The influence of cryogenic pollen storage on fruit set and seed production in tomato (Lycopersicon esculentum Mill.) was investigated. Flowers pollinated with pollen samples stored for 5 weeks at –80C, with or without 20 h precooling at 4C, had similar fruit set and number of viable seed per fruit as those pollinated with fresh pollen. Pollen samples, which were repeatedly cooled (–80C) and warmed (to 22 to 24C) for up to six cycles, continuously maintained the same viability as the fresh pollen. When cryogenically stored pollen of L. esculentum 2-837, LA359, LA3198, and LA3199 were used to pollinate LA359, the number of viable seed formed per fruit differed significantly. Results of this study suggest that pollen cryopreservation can be used successfully for tomato breeding and germplasm storage.
Erik J. Sacks and Dina A. St. Clair
José G. Levy and Dina A. St. Clair
High temperatures during flowering have been implicated in reducing seed set and fruit set in tomatoes (Lycopersicon esculentum). Pollen viability and vigor were studied by measuring in vitro germination and pollen tube development in pollinated pistils of four processing tomato cultivars under normal (25° C day/15° C night) and high (32° C day/23° C night) temperatures. Preliminary studies were carried out to determine the length of pollen tubes in styles collected in times ranging from 3 to 48 hours after pollination. Under normal temperatures the pollen tubes reach the end of the style between 12 and 18 hours. At high temperatures there are fewer pollen tubes moving through the style and the time to reach the end of the style is longer. In pollen vigor studies, crosses were made between pollen and pistils of plants grown under different temperature treatments, then pollinated pistils were collected at 4, 8 and 12 hours after pollination. There were differences in in vitro pollen germination percentage and pollen tube length in the pollinated pistils, suggesting that high temperatures act to slow down pollen activity.
Steven R. Triano and Dina A. St. Clair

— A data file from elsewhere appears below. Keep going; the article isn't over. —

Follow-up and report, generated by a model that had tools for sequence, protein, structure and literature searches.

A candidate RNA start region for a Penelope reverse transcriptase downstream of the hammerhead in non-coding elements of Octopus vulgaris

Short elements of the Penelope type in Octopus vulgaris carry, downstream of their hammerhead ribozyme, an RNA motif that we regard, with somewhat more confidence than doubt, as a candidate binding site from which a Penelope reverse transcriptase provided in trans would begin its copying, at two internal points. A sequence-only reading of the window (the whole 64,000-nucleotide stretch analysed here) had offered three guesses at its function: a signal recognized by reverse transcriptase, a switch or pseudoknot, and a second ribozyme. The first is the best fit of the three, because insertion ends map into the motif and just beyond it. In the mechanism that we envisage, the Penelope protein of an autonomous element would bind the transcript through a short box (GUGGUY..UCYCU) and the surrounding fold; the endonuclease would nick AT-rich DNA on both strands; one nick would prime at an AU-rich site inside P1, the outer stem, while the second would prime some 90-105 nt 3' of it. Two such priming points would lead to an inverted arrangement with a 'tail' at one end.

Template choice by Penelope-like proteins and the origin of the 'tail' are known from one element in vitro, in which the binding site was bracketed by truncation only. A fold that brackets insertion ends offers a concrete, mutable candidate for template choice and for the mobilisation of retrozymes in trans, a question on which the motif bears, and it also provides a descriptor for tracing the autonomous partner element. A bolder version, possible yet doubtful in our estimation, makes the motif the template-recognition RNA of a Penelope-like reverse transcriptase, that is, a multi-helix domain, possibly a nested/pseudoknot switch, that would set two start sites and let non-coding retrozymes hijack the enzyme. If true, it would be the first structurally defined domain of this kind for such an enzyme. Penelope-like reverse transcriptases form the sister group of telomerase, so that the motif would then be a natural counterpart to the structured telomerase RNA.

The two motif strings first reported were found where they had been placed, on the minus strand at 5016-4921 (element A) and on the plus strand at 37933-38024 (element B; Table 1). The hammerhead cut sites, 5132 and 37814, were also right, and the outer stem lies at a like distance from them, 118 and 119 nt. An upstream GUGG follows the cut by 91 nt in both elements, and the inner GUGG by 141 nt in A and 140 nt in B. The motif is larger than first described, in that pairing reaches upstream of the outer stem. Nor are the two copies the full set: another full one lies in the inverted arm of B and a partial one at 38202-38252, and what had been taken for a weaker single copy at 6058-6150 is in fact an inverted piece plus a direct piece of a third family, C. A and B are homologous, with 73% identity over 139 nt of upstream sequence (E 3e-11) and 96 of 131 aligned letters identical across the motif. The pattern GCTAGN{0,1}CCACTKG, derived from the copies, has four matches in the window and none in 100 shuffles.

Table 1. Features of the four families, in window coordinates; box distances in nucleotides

The inbred backcross (IBC) breeding method is being used to introgress genes controlling high fruit soluble solids from a wild tomato species (Lycopersicon cheesmanii f. minor) into a California processing tomato cultivar (Lycopersicon esculentum cv. UC204B). One IBC tomato population (i.e. P1: 106 lines) is being used to map quantitative trail loci (QTL) for soluble solids and other traits. A genetically related but independently generated IBC population (i.e. P2: 96 lines) is being used to lest the efficiency of QTL-linked RPLPs for indirect marker-assisted selection (MAS) to improve soluble solids. P1 was analyzed for fruit quality traits in a replicated field design over 2 years. Twelve P1 lines were significantly greater than UC204B for soluble solids and also had acceptable fruit weights and horticultural traits. All twelve lines have been publicly released for further breeding efforts. In P1. we have identified RPLP markers that have significant correlations to QTL. Some of these markers map to regions previously reported by other researchers to contain QTL for the same traits. We will use 70-80 markers spaced approximately 10-20 cM apart across the genome to screen PI and map QTL. The RPLP analyses are currently in progress. P2 was replicated for one year using the same field design as P1. and analyzed for the same traits. P2 will be screened with QTL-linked RFLPs identified in P1 to test the consistency of QTL locations between independently derived populations. P2 lines selected using RFLP data will be compared to P2 lines identified by classical selection indices. This will indicate if MAS for QTL is effective in a population (P2) genetically independent from the mapping population (P1).